I’ve been away from Gore; my last trip to Johnsburg was over a month ago. For much of April, the fickle sun and elusive warm temps had kept me off to the south. I have to admit returning for Gore’s closing this past weekend, I felt a little disconnected at the start. Lucky for me, the feeling didn’t last too long.
During the week, the forecast for Saturday looked sunny and cool-ish, while Sunday was just a bit warmer. I had some doubt that snow would soften, especially on Saturday. Eventually my faith in the strong April sun and a bit of fomo carried the day. I took to the highway, headed north to the mountains on Friday afternoon.
Against all the best advice, I showed up at the mountain far too early on both days. In my defense, I did everything I could to delay my arrival each time. On Saturday, I read for an hour before heading into town to Sarah’s for breakfast. On Sunday, I woke at dawn, packed the car, drained the pipes, turned the heat down and headed to the hill. On both days, I parked upfront and walked on to the first gondi.
I certainly understand the conventional wisdom that surrounds spring skiing. Take it easy, arrive mid-morning, and ski the best snow. But the math works out differently for me. I come a long way to ski and I see no reason to skip a few hours of really good skiing, just because there will be incredible skiing later in the day.
On both Friday and Saturday night, the overnight low was in the upper 20s. When I got off the gondi, at the top of Bear, on Saturday morning, the cord was stiff but turny enough. About halfway down the front side conditions became trenchable. Those of us in the small first chair crowd let out a few yips while slicing up Quicksilver.
As the morning continued, the corn zone creeped up the front side until we were ready to drop down on Uncas. The top was another story. The skiing was good, but not yet soft enough to get out-loud vocal. Still the summit was beautiful, coated in ice and snow that was evocative of mid-winter.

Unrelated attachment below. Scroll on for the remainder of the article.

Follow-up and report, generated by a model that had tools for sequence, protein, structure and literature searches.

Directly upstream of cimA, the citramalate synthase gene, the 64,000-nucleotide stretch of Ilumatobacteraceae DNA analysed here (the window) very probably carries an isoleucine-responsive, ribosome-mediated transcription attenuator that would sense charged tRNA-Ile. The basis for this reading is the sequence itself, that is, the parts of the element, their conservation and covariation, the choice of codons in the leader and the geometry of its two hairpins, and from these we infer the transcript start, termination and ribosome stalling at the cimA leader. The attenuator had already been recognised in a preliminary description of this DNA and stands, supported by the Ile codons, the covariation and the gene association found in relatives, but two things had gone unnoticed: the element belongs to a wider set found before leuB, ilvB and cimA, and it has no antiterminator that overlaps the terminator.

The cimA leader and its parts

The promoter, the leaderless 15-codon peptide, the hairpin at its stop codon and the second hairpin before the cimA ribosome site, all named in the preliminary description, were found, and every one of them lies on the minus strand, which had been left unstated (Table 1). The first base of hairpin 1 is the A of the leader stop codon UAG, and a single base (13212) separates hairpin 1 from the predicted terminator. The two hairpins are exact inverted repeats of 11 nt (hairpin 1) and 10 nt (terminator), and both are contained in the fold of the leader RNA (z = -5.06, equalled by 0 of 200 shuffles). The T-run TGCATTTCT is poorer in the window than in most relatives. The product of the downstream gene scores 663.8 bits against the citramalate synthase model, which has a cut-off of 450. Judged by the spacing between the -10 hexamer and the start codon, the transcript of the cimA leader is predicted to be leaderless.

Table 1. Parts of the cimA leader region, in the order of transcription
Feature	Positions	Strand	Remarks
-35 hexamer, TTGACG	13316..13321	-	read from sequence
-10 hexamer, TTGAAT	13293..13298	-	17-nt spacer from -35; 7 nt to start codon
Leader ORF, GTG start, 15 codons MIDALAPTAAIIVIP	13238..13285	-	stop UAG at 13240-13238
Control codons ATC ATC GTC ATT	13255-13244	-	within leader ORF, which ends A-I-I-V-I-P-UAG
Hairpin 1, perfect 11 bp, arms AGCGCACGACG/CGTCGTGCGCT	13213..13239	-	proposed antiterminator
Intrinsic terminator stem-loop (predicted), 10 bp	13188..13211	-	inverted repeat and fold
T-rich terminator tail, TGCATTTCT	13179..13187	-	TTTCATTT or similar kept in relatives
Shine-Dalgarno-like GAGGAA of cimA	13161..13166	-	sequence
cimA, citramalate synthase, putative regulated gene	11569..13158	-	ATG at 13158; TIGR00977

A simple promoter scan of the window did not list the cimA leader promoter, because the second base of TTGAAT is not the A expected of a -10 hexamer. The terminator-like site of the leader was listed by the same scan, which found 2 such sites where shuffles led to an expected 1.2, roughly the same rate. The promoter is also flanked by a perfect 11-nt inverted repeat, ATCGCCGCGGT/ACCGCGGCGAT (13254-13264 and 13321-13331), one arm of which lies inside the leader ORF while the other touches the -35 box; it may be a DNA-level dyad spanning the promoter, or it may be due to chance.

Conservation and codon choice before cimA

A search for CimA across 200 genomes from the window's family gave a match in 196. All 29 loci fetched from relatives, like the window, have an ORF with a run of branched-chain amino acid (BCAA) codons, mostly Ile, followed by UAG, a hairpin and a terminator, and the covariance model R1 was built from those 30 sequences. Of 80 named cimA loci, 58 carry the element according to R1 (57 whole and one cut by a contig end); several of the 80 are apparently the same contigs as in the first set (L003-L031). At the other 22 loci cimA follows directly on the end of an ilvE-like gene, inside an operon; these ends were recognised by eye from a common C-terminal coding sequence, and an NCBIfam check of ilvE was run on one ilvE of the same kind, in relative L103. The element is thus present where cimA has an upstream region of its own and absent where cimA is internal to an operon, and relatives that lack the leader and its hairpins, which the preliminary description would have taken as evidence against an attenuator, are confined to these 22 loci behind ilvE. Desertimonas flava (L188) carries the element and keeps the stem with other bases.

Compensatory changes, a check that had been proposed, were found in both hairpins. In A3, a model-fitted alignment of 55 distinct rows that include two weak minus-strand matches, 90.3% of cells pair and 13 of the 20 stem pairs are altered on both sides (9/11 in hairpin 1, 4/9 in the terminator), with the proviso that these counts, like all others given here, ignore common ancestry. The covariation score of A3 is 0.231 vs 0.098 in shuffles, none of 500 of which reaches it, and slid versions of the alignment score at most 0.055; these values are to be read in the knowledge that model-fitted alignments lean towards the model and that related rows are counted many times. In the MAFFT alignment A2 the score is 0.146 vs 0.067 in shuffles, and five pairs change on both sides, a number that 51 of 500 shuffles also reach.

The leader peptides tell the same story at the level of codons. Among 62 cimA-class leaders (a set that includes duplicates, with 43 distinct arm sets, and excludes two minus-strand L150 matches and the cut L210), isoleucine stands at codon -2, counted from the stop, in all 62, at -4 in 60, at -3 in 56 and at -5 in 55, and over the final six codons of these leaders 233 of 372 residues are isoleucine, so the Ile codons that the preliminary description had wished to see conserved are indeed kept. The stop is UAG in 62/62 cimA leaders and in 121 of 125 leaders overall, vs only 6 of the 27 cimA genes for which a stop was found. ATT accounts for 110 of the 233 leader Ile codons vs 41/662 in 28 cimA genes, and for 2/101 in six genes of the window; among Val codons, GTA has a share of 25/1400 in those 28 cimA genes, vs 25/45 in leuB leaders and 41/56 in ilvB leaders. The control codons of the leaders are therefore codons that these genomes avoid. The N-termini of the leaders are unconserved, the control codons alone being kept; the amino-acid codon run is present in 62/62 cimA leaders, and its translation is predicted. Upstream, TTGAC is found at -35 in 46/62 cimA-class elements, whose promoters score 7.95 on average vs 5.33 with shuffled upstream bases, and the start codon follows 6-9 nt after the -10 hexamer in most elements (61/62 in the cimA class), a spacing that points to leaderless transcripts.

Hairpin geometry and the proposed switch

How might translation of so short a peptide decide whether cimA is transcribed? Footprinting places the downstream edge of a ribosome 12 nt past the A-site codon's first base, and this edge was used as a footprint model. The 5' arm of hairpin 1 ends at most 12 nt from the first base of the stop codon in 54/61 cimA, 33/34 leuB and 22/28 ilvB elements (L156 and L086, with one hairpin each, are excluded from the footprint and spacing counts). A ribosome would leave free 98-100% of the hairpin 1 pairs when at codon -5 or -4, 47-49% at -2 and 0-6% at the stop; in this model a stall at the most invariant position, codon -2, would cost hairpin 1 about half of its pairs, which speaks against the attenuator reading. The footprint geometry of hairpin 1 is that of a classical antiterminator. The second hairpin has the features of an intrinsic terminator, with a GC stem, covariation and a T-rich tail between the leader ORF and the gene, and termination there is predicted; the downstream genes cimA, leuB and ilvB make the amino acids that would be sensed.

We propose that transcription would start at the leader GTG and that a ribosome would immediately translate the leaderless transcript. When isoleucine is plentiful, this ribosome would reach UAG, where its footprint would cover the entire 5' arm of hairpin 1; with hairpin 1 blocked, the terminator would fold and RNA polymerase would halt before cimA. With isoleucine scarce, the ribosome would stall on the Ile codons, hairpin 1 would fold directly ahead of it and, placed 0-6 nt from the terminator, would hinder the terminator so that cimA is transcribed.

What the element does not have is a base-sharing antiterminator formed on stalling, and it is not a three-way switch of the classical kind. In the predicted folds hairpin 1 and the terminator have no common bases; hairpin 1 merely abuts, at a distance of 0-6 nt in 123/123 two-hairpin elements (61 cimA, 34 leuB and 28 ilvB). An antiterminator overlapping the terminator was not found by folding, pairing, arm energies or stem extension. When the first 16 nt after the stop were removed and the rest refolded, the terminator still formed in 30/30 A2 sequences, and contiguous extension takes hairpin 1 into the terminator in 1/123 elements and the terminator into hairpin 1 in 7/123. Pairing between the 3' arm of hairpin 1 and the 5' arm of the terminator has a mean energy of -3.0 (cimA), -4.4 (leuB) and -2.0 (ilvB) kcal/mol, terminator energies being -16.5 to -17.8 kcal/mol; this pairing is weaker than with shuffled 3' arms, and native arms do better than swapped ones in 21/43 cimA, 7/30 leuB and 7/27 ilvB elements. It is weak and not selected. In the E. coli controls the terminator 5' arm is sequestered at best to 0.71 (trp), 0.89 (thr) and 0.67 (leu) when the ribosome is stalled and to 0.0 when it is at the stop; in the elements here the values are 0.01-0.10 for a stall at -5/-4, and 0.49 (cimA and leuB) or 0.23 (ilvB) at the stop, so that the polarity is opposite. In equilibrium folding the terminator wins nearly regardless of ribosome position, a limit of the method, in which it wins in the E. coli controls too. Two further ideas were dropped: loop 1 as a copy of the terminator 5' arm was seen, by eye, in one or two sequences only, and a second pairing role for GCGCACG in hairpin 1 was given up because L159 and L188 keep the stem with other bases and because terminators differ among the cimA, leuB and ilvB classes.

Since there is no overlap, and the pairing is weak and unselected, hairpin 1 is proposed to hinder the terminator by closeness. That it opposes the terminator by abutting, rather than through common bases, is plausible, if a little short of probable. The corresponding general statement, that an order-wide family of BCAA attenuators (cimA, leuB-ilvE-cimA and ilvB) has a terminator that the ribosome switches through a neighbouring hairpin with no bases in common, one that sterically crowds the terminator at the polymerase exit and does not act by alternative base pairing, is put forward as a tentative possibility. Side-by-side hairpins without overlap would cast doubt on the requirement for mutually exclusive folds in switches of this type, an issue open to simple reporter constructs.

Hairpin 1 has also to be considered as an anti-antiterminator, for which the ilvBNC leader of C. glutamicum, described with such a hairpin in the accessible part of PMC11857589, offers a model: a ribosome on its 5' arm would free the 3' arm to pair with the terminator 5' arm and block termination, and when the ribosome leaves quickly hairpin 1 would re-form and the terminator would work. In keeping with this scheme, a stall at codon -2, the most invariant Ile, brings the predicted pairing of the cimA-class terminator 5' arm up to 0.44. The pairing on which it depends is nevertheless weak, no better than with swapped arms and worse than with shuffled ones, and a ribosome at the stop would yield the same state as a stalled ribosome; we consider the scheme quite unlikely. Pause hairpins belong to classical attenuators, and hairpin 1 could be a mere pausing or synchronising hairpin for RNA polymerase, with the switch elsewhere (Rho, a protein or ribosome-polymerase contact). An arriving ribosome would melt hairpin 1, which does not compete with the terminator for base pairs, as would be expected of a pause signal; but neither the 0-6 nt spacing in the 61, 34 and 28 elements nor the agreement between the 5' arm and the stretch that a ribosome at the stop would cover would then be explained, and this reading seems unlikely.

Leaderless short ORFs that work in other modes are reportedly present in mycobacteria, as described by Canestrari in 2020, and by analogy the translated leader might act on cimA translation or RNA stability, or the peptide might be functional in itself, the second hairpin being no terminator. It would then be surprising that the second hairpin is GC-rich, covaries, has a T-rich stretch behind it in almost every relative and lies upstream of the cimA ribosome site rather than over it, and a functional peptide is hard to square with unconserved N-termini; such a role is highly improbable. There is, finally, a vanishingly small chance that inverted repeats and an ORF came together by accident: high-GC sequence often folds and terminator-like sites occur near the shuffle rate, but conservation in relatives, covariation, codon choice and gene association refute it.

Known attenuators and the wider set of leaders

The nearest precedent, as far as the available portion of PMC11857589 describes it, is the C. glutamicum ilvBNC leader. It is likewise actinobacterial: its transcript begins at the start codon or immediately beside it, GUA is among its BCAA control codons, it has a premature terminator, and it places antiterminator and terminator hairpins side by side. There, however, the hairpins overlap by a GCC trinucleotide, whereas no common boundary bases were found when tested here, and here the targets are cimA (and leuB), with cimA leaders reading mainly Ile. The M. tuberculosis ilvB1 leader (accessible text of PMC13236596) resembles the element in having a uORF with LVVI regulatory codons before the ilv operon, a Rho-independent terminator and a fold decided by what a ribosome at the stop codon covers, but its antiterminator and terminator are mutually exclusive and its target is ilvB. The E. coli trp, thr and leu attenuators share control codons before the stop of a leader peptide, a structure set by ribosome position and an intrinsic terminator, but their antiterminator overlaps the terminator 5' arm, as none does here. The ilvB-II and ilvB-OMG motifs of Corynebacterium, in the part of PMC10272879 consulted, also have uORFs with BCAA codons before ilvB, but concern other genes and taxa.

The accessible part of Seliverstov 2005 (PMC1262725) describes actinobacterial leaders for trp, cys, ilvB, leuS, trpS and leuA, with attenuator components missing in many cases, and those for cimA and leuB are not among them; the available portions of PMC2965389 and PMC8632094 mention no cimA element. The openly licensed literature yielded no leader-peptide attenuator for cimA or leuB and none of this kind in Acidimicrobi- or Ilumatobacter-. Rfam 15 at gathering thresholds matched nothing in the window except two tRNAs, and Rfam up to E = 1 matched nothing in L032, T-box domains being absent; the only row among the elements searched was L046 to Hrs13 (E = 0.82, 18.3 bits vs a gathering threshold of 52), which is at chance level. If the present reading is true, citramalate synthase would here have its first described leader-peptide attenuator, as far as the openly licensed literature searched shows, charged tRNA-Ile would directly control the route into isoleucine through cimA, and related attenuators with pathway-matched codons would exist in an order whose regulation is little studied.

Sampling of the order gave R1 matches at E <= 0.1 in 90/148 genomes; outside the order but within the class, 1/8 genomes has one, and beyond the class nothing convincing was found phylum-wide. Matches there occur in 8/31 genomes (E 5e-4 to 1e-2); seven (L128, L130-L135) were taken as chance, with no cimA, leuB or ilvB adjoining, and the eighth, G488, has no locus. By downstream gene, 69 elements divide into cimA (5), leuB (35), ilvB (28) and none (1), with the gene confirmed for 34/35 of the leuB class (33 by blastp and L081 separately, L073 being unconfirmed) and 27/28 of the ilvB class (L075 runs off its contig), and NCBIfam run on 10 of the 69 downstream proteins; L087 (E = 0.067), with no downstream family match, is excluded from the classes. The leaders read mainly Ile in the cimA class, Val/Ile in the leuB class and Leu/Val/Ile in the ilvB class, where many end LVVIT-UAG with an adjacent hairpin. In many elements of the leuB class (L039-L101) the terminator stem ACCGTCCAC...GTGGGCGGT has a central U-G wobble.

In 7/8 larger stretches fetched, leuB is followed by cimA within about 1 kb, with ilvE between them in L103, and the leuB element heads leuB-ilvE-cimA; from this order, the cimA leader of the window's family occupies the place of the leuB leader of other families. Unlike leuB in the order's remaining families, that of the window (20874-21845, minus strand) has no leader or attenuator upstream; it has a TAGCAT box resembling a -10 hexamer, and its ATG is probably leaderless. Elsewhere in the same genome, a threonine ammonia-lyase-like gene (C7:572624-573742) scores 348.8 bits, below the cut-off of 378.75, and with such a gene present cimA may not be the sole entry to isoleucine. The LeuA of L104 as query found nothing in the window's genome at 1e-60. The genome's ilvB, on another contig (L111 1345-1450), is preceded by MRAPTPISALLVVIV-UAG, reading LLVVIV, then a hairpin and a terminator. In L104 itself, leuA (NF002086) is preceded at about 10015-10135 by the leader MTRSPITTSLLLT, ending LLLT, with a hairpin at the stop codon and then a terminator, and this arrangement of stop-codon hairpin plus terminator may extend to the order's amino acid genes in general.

I understand Gore skiers’ fixation with the top. There’s nothing better dropping down Rumor or Lies, skiing in the midst of the layers of corn you are slicing off. But I have this thing about spring on Top Ridge. The trail faces the sun pretty directly and with an elevation well below Rumor and Lies, the party gets started earlier.
It was great to reconnect with friends I hadn’t seen. It was my first time skiing with Matt since Riley. Another huge bonus was skiing with Mark Lacek. I’ve known Mark for 25 years, I first met him when he was working as an instructor at Garnet Hill Lodge. In all those years I’ve skied with him just a few times, all nordic. I’m certain we’ve never had a chance to share a lift ride, that was fun for me.
The rope dropped on Top Ridge, and I wanted to ski it. Matt and Mark were skiing together and they were not to hard to convince. We dove in: the flats at the top were creamy-ish and the pitch was made of super-soft corn bumps, interspersed with rocks and grass. There were pinch points that encouraged gentle hucking, but there was more than enough snow to get down.
On Sunday it was a bit warmer and I went up top earlier. Hawkeye was ripe, sooner than I expected. I pulled up at the bottom of Headwaters, I felt like I’d regained the mother ship: Kman, Martha, Brant Lake Ed, Freeheeln and April. We went back to the top to take our shots at Rumor and Lies.
I’d skied six hours Saturday, and starting thinking about coming down to the deck to chill around 1pm. Brownski was in the house and I dragged him down from the summit with me, apparently a willing co-conspirator in my strategy to ski Top Ridge “one last time.” It’s so hard to pull yourself away on an incredible spring day. The snow is excellent and you know it’ll be gone soon. One. More. Run. Repeat.
The weekend was a visual fantasy with beautiful distant views. Up close the treetops were encased in “snow” and trails at the summit were covered wall-to-wall. The sky was a spectacular blue, the snow was soft, and we clearly knew how good we had it.
Gore was a hell of a lot of fun this weekend, both on the hill, and later, on the deck. I was grateful for the chance to reconnect with friends and close out my home hill in prime spring conditions. I never thought I’d say it this year: what a great season.